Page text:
|Dimensions||6 × 6 × 20 in|
The central figure in this design is a female entity, representing the matriarchal nature of our society. The women of coastal tribes were entrusted to hold, protect and preserve the names, songs and dances of their people. This high honor was bestowed upon women because they were entrusted with giving birth and being the primary caretakers of the children. Light heartedly, it is sometimes said, ‘you often see a Native man walking in front of a Native woman, and that is so the woman can tell the man which way to go.’ From a more serious perspective, it is known that men once lived severe lifestyles as hunters and warriors. It was important to recognize that if anything dreaded happened to the men, women would bear the heavy responsibility of keeping traditional cultures alive and flourishing.
Wolves mate for life, and Nytom often uses the wolf to inspire his imagination in creating new designs. In the cultures of coastal peoples the wolf means a great deal, and is used in ceremonies to remind us to first take care of our elders and young, before ourselves. The design shows two wolves paired off, looking at each other and another wolf pair yet to be born.
Making his way through this world as an artist has given Nytom opportunities to convey the deep meaning of the teachings passed down by his elders. An important teaching of his grandparents was, “It is the hearts of others with values that help preserve a positive way of life.” In this design ‘Children Born of the Sun’ there appears the idea of the importance of teaching others the ways of our people. The Sun is representative of the Creator to many cultures throughout the world, and together with the Earth it transforms all living things. Nytom’s grandmother liked to say that “when you see a rainbow in the sky, it means someone’s prayers are being answered.” The faces represent the spirits of our ancestors and children not yet born. How fortunate we are to have the sense of responsibility to teach others the ways of our people. We are truly all Children Born of the Sun.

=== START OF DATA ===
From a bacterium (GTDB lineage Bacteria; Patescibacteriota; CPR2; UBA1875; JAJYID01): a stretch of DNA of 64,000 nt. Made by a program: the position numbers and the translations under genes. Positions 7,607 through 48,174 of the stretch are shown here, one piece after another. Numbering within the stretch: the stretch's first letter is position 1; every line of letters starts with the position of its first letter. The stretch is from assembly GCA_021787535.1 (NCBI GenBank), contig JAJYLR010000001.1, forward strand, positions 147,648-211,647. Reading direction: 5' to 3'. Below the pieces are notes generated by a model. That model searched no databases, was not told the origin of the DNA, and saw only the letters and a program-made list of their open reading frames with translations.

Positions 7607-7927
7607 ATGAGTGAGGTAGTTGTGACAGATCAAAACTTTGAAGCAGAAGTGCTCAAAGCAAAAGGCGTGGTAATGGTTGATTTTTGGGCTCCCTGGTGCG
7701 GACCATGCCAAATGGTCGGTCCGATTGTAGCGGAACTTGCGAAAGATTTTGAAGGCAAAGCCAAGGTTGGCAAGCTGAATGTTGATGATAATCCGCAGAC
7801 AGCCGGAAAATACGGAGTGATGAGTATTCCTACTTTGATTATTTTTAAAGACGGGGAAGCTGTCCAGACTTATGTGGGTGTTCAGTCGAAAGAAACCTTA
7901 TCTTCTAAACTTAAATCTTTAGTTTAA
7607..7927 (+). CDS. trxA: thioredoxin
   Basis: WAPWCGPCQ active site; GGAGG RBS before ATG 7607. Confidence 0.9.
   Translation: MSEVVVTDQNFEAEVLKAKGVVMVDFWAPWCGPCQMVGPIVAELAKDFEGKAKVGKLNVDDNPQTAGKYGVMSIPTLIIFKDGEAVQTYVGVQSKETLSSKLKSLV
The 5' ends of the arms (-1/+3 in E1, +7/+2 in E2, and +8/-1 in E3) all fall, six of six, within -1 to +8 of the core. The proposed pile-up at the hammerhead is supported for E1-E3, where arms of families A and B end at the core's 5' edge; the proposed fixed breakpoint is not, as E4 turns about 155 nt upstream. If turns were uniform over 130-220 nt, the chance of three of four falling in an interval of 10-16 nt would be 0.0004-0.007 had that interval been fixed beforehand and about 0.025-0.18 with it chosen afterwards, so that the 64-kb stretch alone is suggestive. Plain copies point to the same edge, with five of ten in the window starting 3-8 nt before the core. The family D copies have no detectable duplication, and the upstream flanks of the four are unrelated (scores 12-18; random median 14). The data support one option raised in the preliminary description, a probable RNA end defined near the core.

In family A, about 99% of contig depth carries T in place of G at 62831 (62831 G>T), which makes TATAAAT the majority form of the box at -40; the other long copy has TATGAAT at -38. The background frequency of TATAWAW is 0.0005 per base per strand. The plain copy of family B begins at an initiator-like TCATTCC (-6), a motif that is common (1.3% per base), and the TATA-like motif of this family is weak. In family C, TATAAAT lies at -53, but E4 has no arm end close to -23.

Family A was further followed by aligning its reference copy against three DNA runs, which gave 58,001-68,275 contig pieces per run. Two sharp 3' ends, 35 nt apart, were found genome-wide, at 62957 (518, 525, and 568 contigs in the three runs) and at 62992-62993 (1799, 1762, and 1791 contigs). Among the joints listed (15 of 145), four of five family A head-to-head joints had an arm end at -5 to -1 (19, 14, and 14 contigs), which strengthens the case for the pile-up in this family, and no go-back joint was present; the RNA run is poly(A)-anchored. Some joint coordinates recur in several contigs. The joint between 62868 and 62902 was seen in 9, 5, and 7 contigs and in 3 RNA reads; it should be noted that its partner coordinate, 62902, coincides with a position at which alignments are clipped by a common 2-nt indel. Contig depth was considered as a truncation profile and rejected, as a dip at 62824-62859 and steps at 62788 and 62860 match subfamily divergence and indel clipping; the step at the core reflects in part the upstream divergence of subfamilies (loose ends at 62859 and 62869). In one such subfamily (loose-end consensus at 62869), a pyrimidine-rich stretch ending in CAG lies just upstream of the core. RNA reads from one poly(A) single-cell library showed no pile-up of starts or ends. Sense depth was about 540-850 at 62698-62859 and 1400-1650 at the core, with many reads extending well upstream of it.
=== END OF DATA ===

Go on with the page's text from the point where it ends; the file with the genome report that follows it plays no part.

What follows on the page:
As a young girl, Nytom’s mother knew a man called “Young Doctor” in the village of Neah Bay. He was an artist, carver, song maker and fisherman. His ability to make songs hadn’t come easy. Young Doctor walked bent over because of an accident in the woods. While he was caught under a tree, many songs came to him. Soon after he recovered from his accident, he brought out those songs for the people of Neah Bay. One song Nytom likes singing the most talks about frogs coming out of the ground in the spring. The people of Neah Bay sing this song at every community gathering. Like the frogs’ singing, it brings us together with a spirit of unity.
The three entities in this design portray the power emanating from a coastal drumming circle. When we are drumming, the circle is in unison. It is like the Thunderbird, enveloping us all as one. It is beautiful feeling that resonates through every fiber of our being, and a collective experience that is truly sacred.
There are many events in nature that represent the cycle of life. Among many coastal tribes, the cycle of life is heralded by the spawning of the salmon each year. Young salmon migrate to their village far out in the ocean, and then after several years at sea endure an arduous journey fraught with dangers to return to their birth waters. The Salmon would always return because the tribes honored the Salmon People in their First Salmon Ceremonies. In doing so, they also teach the people to continue to overcome all odds–to survive and keep their traditional cultures alive.